Wednesday, April 21, 2021

Iwowo: Oloibiri provoked formal apology from Gowon to people of the Niger Delta


Jaafar Jaafar
Jaafar Jaafar is a graduate of Mass Communication from Bayero University, Kano. He was a reporter at Daily Trust, an assistant editor at Premium Times and now the editor-in-chief of Daily Nigerian.
tiamin rice

Samantha-Israel Iwowo

Samantha-Israel Iwowo is an award-winning filmmaker and Ph.D. student of Film Studies at the University of Bristol, England. Her screenplays Oloibiri (2015) and One Out of Several (2014) won Best-Screenplay at the 2015 edition of the NAFCA Awards in Hollywood, the San-Diego Black Film Festival (2016) and the 2015 Los Angeles Film Festival, respectively. Oloibiri is also considered to be her first Nollywood film of impact, as it provoked a former Head of State of Nigeria, General Gowon (rtd) to apologize to the people of the Niger-Delta for a series of government neglect. Several of Samantha’s films centrally reflect socio-cultural issues: One Out of Several is an abuse-survivor’s story; her most recent directorial piece is an M-Net commissioned film titled, After the I Dos, which also highlights cultural pressures on matrimony as experienced by three Nigerian women and a man. Her first transnational drama series, Till You’re 16, highlights the culture shock of a diasporic Nigerian family raising an errant child in Canada. Samantha has also written several episodes of M-net’s Tinsel. She has eight other screenplays, including three for AfricaMagic Original Films: Just a Maid (2014), Time Knocks (2014) and Wind Chasers (2015). She is the creator of the annual edition of the Anti-Runs Project, as well as the screenwriter and one of the two producers of its docu-drama series, R.U.N.S.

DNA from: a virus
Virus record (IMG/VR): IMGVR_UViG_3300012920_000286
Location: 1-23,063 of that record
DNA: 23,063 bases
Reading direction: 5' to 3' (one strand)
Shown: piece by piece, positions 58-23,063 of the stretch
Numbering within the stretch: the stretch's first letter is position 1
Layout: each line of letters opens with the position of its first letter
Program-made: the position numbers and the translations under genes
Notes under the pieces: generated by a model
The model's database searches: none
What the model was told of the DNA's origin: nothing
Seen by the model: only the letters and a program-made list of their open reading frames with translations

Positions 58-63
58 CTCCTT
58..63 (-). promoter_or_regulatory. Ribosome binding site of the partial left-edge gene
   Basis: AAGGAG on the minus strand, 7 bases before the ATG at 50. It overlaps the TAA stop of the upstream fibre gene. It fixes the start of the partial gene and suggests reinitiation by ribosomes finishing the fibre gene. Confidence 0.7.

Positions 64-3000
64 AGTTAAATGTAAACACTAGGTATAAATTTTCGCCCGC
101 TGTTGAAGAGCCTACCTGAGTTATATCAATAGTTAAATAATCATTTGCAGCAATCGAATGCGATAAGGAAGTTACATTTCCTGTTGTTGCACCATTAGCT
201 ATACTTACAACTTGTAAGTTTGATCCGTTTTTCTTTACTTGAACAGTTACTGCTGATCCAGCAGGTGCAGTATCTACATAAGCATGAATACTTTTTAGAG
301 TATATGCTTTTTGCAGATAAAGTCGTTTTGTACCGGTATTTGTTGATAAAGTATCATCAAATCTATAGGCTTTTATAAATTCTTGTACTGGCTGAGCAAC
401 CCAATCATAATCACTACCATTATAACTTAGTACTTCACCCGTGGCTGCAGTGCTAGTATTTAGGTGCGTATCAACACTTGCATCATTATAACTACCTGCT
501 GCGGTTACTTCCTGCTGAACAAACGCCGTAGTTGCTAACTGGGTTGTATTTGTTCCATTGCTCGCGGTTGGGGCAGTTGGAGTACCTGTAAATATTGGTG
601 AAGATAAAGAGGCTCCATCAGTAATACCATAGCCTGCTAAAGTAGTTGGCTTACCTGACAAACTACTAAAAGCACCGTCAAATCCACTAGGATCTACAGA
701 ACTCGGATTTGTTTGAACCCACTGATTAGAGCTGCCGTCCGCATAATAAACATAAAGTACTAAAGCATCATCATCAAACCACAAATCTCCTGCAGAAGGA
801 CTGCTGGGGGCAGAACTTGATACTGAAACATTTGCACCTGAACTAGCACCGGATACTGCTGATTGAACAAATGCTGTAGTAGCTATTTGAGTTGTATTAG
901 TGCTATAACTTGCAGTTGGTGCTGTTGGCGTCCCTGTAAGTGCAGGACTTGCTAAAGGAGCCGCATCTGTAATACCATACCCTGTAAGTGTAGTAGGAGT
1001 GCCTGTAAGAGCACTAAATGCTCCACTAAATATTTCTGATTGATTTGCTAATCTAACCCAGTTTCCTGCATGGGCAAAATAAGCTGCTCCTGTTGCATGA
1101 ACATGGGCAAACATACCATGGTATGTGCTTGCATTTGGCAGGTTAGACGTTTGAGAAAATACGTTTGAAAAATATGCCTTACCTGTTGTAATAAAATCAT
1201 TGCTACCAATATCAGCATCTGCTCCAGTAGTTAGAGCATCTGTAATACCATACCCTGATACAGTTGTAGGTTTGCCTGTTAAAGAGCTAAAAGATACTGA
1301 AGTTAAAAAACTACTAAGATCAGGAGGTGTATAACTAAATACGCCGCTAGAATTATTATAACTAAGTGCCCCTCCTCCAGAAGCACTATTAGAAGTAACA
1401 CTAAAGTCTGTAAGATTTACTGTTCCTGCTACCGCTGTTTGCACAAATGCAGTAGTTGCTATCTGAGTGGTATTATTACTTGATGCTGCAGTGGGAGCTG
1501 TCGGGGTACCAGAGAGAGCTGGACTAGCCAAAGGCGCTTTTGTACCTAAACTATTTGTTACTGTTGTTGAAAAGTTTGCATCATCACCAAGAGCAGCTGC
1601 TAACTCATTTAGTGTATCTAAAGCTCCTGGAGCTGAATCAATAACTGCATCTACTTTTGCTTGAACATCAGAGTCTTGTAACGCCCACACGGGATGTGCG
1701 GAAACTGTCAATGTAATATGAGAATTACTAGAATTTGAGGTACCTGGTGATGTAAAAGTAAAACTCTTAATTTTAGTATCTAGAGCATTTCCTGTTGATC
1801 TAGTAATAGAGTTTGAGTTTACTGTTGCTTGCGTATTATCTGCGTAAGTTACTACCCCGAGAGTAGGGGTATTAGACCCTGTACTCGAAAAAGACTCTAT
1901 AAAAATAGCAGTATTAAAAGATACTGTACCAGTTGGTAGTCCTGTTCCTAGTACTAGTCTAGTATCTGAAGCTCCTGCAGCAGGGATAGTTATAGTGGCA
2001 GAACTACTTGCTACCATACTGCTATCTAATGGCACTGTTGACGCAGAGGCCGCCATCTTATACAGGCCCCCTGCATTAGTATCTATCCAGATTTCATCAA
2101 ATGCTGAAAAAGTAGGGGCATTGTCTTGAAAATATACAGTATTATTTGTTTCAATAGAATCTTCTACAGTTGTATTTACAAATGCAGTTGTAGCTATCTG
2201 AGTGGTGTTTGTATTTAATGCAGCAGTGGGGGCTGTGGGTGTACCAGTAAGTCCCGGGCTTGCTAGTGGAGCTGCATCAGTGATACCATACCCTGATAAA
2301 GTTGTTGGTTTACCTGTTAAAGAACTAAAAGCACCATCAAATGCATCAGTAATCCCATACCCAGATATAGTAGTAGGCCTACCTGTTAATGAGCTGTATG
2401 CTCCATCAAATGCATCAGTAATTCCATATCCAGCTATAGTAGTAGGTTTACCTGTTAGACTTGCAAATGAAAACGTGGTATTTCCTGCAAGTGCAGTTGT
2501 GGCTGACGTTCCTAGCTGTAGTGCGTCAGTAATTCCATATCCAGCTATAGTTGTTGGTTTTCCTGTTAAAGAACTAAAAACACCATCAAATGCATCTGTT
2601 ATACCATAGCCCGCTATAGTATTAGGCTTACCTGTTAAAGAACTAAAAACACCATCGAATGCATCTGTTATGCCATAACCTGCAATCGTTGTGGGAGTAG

Alongside filmmaking and research study, Samantha has also recently been invited to lecture on Nollywood at the London Southbank University, in the United Kingdom. In this interview with ANOTE AJELUOROU, Assistant Arts Editor, centred on Oloibiri, Iwowo highlights how the film, Oloibiri, lends its voice to the burning issues in the Niger Delta, as they relate to the people, the environment, the multinational oil companies and the Federal Government

The film, Oloibiri, is largely a metaphor for the worsted communities in the Niger Delta on account of oil exploitation by oil giants and Nigeria’s government. How did it come to you as a filming project?
In 2013, a chance-appointment in Nigeria with the producer, Rogers Ofime presented the opportunity to first attend a focus-group retreat on the subject of Oloibiri film project, which he was working on. Thereupon, I was contracted to write it.

How much of Oloibiri community did you project into the writing of the script? Did you visit Oloibiri?